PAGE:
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Kubernetes support in Almanac/Drydock/Harbormaster
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First of all, this is likely to be non-trivial to implement. I'd personally see this as a post-second release feature at best.

I've been running my build workloads from Gitea via Drone on my Kubernetes cluster for a while now, and I've grown to like the immutability of the surrounding environment for builds. On top of that, I think that Kubernetes is a great tool for managing these types of workloads that don't need to keep long term reserved resources.

Status Quo

Currently, Drydock relies on SSH nodes from Almanac to create resources from blueprints, and can't talk to kubeapi.
For people wishing to use Kubernetes for Harbormaster, that would mean keeping Pods around indefinitely in a cluster for Drydock and Harbormaster to use, which is wildly inefficient.


Instead, Almanac would allow the storage of KubeAPI credentials (client certificate and key / token) so that other apps can connect to and interact with the cluster.

Drydock Host Blueprint would generate an ssh key, and upload the public part as a Secret with the key authorized_keys to the cluster. After that, it would create a Pod with a Secret mount to the /root/.ssh directory, followed by a Service that points to the Pod's port 22.
The image used by the Pod should be one that runs sshd and accepts ssh connections as root from /root/.ssh/authorized_keys and provides the relevant repository management tools or apk (the Alpine package manager), could be which supports non x86-64 architectures as well, but the name of which can be provided manually by the creator of the blueprint (along with the name of imagePullSecret in the cluster if necessary)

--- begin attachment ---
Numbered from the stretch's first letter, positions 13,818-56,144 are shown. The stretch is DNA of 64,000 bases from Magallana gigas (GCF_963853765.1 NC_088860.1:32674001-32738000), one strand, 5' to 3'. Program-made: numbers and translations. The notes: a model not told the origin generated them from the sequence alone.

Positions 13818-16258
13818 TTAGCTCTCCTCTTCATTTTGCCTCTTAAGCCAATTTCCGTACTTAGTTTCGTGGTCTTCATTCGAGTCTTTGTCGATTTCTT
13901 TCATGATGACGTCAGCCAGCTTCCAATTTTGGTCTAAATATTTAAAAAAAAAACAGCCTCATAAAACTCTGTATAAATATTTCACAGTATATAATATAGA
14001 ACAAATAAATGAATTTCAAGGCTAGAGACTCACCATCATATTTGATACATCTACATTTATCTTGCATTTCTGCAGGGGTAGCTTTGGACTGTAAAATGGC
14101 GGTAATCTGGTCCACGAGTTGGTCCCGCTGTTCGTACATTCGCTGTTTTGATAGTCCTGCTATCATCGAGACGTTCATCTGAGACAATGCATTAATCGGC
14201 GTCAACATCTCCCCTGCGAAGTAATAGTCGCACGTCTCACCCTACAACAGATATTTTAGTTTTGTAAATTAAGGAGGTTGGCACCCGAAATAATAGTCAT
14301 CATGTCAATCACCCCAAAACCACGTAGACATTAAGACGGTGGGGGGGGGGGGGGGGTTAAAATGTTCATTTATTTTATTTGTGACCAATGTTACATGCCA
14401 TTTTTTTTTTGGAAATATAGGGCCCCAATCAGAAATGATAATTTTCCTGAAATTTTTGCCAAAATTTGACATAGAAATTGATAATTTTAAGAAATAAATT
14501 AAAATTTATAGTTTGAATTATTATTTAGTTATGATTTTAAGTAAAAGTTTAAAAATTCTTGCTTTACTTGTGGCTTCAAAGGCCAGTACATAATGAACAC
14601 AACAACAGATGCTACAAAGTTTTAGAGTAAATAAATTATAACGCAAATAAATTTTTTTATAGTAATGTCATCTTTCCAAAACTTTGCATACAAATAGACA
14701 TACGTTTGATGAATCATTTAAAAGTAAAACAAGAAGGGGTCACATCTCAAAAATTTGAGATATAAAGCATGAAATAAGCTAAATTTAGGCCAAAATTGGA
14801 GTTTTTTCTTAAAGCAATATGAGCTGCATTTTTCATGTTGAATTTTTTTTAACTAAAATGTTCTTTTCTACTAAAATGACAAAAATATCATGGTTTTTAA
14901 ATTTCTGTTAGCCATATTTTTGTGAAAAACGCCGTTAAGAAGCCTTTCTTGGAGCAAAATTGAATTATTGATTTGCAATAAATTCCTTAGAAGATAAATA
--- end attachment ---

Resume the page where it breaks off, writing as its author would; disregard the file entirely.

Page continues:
A Working Copy blueprint would then be able to use the standard SSH protocol to connect to the pod in one of two ways:

  1. If Phorge is running in the same cluster, or is otherwise a part of the cluster's internal network (not to be confused with the LAN on which the cluster nodes are), in which case it can just SSH with the name of the Service as hostname
  2. If Phorge is running outside of the cluster and does not have access to the cluster's internal network, in which case, kubectl would be used to forward a random local port to the cluster Service, and the SSH connection would be made to that port on localhost

Once the connection is established, Drydock would test for the presence of the relevant repository management tool, and install it via apk add if needed, before creating the working copy.

Once a Working Copy resource is ready, it can be used by Harbormaster for builds. The process for connecting to the SSH server would be similar to that for the Working Copy

Arc Lint + Arc Test builds will probably need to install the relevant toolsets on the pods as well

Up for debate

If this is to be implemented, the following details should be discussed more in depth

  • Which container image and underlying distro to use? I picked the one mentioned because it supports multiple architectures, and not just amd64
  • Should we/can we maintain our own image instead? the advantage here would be that we can skip the installation when creating Drydock resources and running Harbormaster builds, and instead require people who use their own images to provide at least the tools relevant to them
  • Should we even have a default image? Similar to above, we could instead just ask the user to provide their own image built for the correct architecture, with the relevant tools available in the image, which would mean that the only additional steps for Working Copy and Builds would be the port forward (if running outside cluster)
  • Should we use NodePort Services instead? - this would eliminate the need to use kubectl to forward a local port to the ssh service running on the cluster, but only if Phorge is on the same LAN as cluster nodes, or cluster nodes have public IPs
  • Probably some other stuff that I (or someone else) didn't come up with yet.

The original implementation of Drydock and Harbormaster doesn't provide much in terms of isolation between builds and between build and the host machine. Implementing Kubernetes "hosts" would essentially give us this for free, provided the same Host isn't reused for multiple Working Copies of different repositories.

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